Around 24 months back, Pub A dabbled briefly in adopting ‘real‘ wines through us, instead of the rubbish they had been annoying and more recently ‘poisoning’ customers with, but the owner and manager really just wanted us to get them exactly the same wine they were already getting from a Chinese guy. Their aim; to maintain the status quo, while ignoring higher standards at the time that consumers were openly demanding. It was astonishing. Unfortunately, suppling such awful wine was not an option for us. Their credibility would not improve and ours would be tarnished. Altogether, ‘the wrong strategy’ calls fell on deaf ears. We parted company before we really began, quickly followed by the manager’s own departure.

Cut from the same Dodgy Traders cloth

Cafe Bar B who initially wanted to be a major local alternative venue for wine drinkers, have ostensibly since denuded all their wine sales. How? Well, after 2 years of alternately demanding intensive training and much time, then resenting the supporting presence and sceptically ignoring any advice to help them understand ‘Western’ needs (usually concerning food menus) they simply stopped being interested in the ‘wine bar thing’. So after picking our brains for 2 years they opted for a Chinese supplier just over a year ago. Despite belatedly offering some western snacks (which still often miss the target) all hope of turning the place into a decent Wine Bar has evaporated, abandoned by the fretful owner. The fad had just been that. Fair enough to change tack but one always felt it was an uphill battle with only half the cards on the table at any time, and our hands tied behind our backs.

cheap red wineSame story at Restaurants C and D. All wanted to sell ‘western wine’, but without paying the price for the honest, reputable wines offered by business like ours, which come through verifiable channels. Most simply wanted to pick our brains to get to the point where they had sufficient knowledge to engage a frankly, cheaper, usually dodgy indigenous supplier: Unconcerned with any social responsibility and certainly uninterested in any form of quality approach; they were after anything cheap. Anything! Illicit goods, faked wines, spoilt goods or bankrupt stock. It didn’t matter. ‘Bigger Margin’, goes the mantra.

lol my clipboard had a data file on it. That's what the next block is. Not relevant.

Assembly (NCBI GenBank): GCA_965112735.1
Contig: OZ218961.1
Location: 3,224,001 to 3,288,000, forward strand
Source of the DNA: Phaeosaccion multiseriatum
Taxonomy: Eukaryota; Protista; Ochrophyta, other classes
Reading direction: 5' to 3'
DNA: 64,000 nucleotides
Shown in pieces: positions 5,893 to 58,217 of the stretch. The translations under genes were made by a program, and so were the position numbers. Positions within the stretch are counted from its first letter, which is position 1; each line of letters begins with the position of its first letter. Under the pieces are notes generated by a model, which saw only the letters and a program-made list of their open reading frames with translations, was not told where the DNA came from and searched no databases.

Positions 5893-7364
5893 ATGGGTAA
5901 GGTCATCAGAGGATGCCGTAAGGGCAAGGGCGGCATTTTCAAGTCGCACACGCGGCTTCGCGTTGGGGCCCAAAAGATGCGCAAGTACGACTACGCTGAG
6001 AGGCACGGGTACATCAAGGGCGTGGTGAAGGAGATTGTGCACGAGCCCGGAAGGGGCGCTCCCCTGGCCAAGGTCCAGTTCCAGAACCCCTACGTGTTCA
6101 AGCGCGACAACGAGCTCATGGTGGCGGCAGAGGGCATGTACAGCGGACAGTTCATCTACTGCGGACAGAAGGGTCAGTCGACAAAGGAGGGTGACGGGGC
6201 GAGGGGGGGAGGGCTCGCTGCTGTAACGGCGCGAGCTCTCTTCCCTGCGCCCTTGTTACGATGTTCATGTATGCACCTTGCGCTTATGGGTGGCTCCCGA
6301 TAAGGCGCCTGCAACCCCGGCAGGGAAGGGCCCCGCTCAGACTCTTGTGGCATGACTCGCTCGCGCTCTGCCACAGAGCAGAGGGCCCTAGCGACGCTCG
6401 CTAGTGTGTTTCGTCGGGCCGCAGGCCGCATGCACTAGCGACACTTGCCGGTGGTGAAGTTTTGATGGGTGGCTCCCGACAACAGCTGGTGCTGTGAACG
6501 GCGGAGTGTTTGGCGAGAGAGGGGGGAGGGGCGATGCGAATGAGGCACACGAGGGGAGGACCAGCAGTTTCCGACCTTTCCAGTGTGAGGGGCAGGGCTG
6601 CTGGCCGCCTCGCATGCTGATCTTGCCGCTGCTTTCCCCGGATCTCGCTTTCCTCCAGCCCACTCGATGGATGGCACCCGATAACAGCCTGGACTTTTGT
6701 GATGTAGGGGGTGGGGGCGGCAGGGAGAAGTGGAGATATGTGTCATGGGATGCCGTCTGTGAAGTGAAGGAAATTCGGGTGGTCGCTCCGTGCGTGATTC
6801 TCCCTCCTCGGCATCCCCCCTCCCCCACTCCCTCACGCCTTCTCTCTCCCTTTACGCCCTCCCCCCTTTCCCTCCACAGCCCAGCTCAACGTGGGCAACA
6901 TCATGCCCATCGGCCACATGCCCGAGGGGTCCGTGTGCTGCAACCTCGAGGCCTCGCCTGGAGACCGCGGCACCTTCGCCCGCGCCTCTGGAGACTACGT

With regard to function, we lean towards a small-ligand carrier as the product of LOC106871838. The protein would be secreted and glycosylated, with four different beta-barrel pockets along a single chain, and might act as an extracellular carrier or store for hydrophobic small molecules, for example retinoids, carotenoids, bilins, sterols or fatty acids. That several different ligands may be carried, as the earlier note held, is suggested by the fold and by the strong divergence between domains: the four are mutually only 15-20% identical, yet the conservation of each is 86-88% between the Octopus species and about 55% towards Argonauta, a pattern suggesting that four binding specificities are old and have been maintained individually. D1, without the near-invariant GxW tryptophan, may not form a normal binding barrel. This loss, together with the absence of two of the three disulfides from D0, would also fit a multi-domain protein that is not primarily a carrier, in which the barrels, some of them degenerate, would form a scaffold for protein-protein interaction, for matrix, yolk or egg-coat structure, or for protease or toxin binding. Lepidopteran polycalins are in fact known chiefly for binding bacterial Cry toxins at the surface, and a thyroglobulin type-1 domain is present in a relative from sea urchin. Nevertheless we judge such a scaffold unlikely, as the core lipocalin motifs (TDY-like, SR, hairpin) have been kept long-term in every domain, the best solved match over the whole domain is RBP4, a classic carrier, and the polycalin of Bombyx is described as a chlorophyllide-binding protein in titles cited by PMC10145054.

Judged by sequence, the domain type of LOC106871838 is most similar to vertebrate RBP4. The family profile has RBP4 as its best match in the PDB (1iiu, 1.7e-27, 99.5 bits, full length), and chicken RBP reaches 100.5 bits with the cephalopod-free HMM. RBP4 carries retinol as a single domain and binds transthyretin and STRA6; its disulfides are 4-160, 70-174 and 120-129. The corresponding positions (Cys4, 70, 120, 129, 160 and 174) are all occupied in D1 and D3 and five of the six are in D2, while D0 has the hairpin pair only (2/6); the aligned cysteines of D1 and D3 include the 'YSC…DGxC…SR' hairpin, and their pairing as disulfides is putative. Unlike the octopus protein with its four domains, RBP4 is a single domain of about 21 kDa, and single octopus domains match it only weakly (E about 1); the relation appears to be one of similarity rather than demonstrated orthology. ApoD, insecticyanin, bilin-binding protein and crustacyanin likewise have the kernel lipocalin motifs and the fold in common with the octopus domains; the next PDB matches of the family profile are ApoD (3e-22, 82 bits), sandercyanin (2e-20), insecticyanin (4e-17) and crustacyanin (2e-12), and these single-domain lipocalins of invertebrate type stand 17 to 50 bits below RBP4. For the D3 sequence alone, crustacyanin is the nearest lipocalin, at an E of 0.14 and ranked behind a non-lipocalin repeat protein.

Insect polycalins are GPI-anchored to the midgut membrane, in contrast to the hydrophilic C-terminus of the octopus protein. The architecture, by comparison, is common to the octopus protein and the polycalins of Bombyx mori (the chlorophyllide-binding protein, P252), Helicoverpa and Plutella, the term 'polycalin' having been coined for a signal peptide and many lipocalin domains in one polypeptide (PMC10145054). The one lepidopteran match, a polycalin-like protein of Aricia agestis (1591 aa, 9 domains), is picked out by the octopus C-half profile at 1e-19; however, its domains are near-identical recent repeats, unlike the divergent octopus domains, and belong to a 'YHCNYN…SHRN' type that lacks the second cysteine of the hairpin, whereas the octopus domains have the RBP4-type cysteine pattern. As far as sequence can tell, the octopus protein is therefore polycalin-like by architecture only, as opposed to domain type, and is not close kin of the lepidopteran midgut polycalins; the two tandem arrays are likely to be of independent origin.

Another place, Restaurant E were initially very open and even ecstatic to have our input (except the manager, who adopted ‘cool’ after initial warmth). Everything was fine for a while, though communication was very slow. A worrying sign. Another was their quality and customer care orientation; or lack of it. They were continuing to sell (and insisting on keeping right beside our pristine bottles of great variety and lovely quality) wines SO OLD they were clearly rancid inside.

We pushed and pushed to have them removed or used up in another way but there were literally hundreds of bottles of it: years worth of shagged out old Vino Di Tavola that was either cooked or oxidised or both. It was beyond funny. Yet they laughed it off. Plans were devised for them to cut their stock, in positive ways. A nice guy who worked there would listen to the reasoning and just shrug his shoulders, saying, “The boss don’t care.” The Chinese owner lived abroad. The manager was unimpressed. I think laziness plays a crucial part too. And trust.

At that place, things between us started to unravel around payment times. It was a simple pattern. Ask for payment for the wines they used. They made it tiresome. Payments were fleetingly respected, seldom easy and eventually, things got nervous. All the staff were great but getting money out of the person holding the purse-strings was near impossible. They were never very good at paying for wines they had sold and been replaced, but it was getting worse. In the end (thinking they were just trying to pull a fast one) all 75 different wines were pulled out in 25 minutes flat, one evening, racing against the clock, cloak and dagger style, lest they bring in ‘heavies’.

With hindsight, the petty jealousies of the badly mannered Shanghainese manageress and a lack of standards for customer were the bugbears.

Crocodile Smileschina smile

There is a lot of jealousy, as it happens (and possibly a dose of resentment too) behind the smiles. Not really from the staff usually, but often likely from owners or managers. Resentment stems from their perception that they are not making as much money as they think they might. As they squeeze and squeeze it denudes the point of doing business.